Saturday, 15 July 2017

I Got Plenty Of Nothing

If we are lucky when we are at school, we get to have at least one stand-out teacher who inspires imagination, who teaches us to think, who adds to our cultural experience, the teacher we remember most of our lives.

I was in Standard Four at Picton Primary School, aged ten, and my teacher was Mr Curtis. He seemed an innocuous man, not very tall, wearing a suit, white shirt and tie. He set our desks in straight lines facing the the blackboard. He thought our drawing was terrible so he taught us how to draw in 3D, a suitcase, then a train curving towards us straight off the blackboard. Once he had us drawing Māori people. Coming from mostly Pākēhā Blackball, no telly back then, my knowledge of traditional Māori culture and dress was negligible, but I drew a brown lady in flax skirt, but then what did she wear on top? My mind was a blank so I left her topless, drew her breasts in. The other kids were like, haha, that's rude, but Mr Curtis put my drawing up on his display board just outside the classroom with all the best drawings, not because mine was especially good (it wasn't) but because it was outside the norm. Honest. Brave even.

Mr Curtis was an artist, into music, and a storyteller. He would set us a task, maths problems generally, and while we were working away, he would rub everything of the blackboard, and start to draw. We'd be peeping, what's the story going to be about? We would finish our work, he would finish his drawing, and then he would sit on his desk and just start the story telling. Sometimes it was a story from Greek Mythology, sometimes it was an old classic, Charles Dickens, maybe. Today it was the musical, Porgy and Bess.

I remember very imperfectly, as the story of a lovely man, a cripple who wheeled himself around on a wooden cart and lived in a shack.  He meets Bess, she moves in with him, but then, from her past comes the bad man, the criminal, who takes her away with him. I didn't understand back then why she had to choose to leave Porgy (not sure I do even now, I might need to try and track down the book or something). Porgy is heartbroken and leaves his home to find her. As I said, that's how I remember it. I doubt Mr Curtis played us the whole record; it would have taken far too long but the song he definitely did play was "I got plenty of nothing", which I have remembered all these years, a refrain in my head even though I don't recall hearing the song since. However, I have always held this idea that material goods were less important than other things, that it is "he tangata, he tangata, he tangata, he aha te mea nui o te ao", it is people who are the most important in the world. It's all only stuff, eh.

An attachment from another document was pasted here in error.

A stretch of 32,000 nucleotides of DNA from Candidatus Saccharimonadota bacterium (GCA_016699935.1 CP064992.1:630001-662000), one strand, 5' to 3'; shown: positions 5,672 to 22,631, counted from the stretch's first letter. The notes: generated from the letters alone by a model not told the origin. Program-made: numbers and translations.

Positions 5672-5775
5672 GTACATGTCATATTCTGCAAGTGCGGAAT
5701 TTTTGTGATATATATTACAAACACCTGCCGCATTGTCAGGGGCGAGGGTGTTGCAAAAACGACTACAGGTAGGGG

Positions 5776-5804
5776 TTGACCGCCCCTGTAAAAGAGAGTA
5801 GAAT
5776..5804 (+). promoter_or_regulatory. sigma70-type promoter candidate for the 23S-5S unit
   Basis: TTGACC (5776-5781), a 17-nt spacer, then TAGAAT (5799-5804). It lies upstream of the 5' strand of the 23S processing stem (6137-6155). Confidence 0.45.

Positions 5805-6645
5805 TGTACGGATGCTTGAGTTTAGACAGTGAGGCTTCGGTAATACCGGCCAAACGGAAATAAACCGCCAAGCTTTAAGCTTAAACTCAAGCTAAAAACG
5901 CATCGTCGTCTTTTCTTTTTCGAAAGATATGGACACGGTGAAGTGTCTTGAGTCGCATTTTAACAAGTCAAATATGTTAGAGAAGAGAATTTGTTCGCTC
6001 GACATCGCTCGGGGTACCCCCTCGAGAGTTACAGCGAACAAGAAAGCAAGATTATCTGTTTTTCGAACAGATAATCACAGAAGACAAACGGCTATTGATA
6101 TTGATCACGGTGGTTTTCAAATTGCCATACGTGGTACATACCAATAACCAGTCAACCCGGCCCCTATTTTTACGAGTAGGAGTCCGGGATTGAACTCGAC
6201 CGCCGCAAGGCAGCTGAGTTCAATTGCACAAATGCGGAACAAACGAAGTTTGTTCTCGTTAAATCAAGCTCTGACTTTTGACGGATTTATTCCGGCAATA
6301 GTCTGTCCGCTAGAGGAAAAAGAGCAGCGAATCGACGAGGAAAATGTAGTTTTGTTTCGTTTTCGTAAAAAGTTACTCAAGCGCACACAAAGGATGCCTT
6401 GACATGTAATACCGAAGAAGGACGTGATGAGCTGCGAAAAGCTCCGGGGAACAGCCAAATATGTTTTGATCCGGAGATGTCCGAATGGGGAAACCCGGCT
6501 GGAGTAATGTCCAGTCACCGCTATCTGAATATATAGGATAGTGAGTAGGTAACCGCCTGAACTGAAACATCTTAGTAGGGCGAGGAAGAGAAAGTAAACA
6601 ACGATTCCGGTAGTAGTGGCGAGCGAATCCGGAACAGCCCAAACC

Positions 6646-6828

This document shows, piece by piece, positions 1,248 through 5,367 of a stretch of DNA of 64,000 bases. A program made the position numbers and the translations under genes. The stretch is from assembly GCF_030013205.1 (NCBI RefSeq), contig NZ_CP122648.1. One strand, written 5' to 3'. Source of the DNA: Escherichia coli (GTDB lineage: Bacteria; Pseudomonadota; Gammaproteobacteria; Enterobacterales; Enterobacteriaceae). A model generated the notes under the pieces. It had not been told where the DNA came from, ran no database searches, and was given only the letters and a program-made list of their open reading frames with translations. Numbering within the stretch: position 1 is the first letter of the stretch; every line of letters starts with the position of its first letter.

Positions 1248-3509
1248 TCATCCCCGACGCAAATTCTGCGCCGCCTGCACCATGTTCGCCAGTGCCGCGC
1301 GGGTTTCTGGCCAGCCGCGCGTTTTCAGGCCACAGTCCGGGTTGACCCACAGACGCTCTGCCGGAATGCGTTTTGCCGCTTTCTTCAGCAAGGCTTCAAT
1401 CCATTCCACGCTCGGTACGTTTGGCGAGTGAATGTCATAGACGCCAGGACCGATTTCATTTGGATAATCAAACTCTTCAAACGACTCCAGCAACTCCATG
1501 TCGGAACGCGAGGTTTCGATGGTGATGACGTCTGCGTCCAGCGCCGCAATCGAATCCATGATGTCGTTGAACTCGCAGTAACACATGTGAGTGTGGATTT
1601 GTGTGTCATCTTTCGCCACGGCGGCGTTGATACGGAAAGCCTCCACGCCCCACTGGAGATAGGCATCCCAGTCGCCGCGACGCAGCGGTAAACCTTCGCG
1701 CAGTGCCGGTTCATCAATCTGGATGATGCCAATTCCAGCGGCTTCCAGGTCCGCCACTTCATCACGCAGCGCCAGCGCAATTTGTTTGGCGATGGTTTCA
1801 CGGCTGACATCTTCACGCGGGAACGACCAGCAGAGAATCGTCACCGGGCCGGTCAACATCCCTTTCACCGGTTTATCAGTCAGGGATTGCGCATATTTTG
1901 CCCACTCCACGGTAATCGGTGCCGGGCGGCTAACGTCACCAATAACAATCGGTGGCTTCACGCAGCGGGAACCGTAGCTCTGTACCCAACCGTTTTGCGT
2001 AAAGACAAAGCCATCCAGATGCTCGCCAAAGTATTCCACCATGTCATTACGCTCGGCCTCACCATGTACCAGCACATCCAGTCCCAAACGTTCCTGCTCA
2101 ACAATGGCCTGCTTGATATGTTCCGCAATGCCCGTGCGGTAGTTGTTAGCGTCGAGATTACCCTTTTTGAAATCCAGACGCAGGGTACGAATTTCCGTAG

So many influences in our lives inform the person we become, the beliefs our parents role model to us, the culture of our country, the stories and music in our lives, our teachers. Porgy and Bess looms large in my life thanks to Mr Curtis, even though I never heard the whole thing then nor since. My ideas about how we should be living in this world, ideas about social justice and fairness in this world.

Because of Mr Curtis, I first heard the music of Gershwin, soul and jazz styles at age 10, after a childhood of pop music, Shirley Temple and Julie Andrews musicals.

Today, fifty years later, I find Porgy and Bess on Spotify, sung by Louis Armstrong and Ella Fitzgerald and it is as fresh as it was, all those years ago. Loving it.

A Bit of Extra Info

DuBose Heyward wrote his novel, Porgy, in 1925. In 1927 he and his wife, playwright Dorothy Heyward, adapted the novel as a play. Composer George Gerswhin made the play into a musical which was produced as Porgy and Bess in 1935. Porgy and Bess was first performed on the 30th of September, 1935 featuring a cast of classically-trained, African American singers. No Blackface.
Following the performance in Boston, then from the 10th October in Broadway for 124 performances, then on tour in Philadelphia, Pittsburgh, Chicago and Washington DC. In Washington the cast successfully protested segregation in the National Theatre, eventually resulting in the first integrated performance in that theatre.

In 1942 the show was revived for Broadway. On the 23rd of March 1943, the show was premiered in Copenhagen, this time with white actors/singers in Blackface, presumably so as not to offend the sensibilities of Hitler and his gang as the Nazis were occupying the country at this time. However after 22 performances the Nazis closed down the production anyway. The show was also performed in Gothenburg and Zurich, Sweden, and Zurich, Switzerland. still with white actors in Blackface in 1948.

Over the years the show has been successfully revived.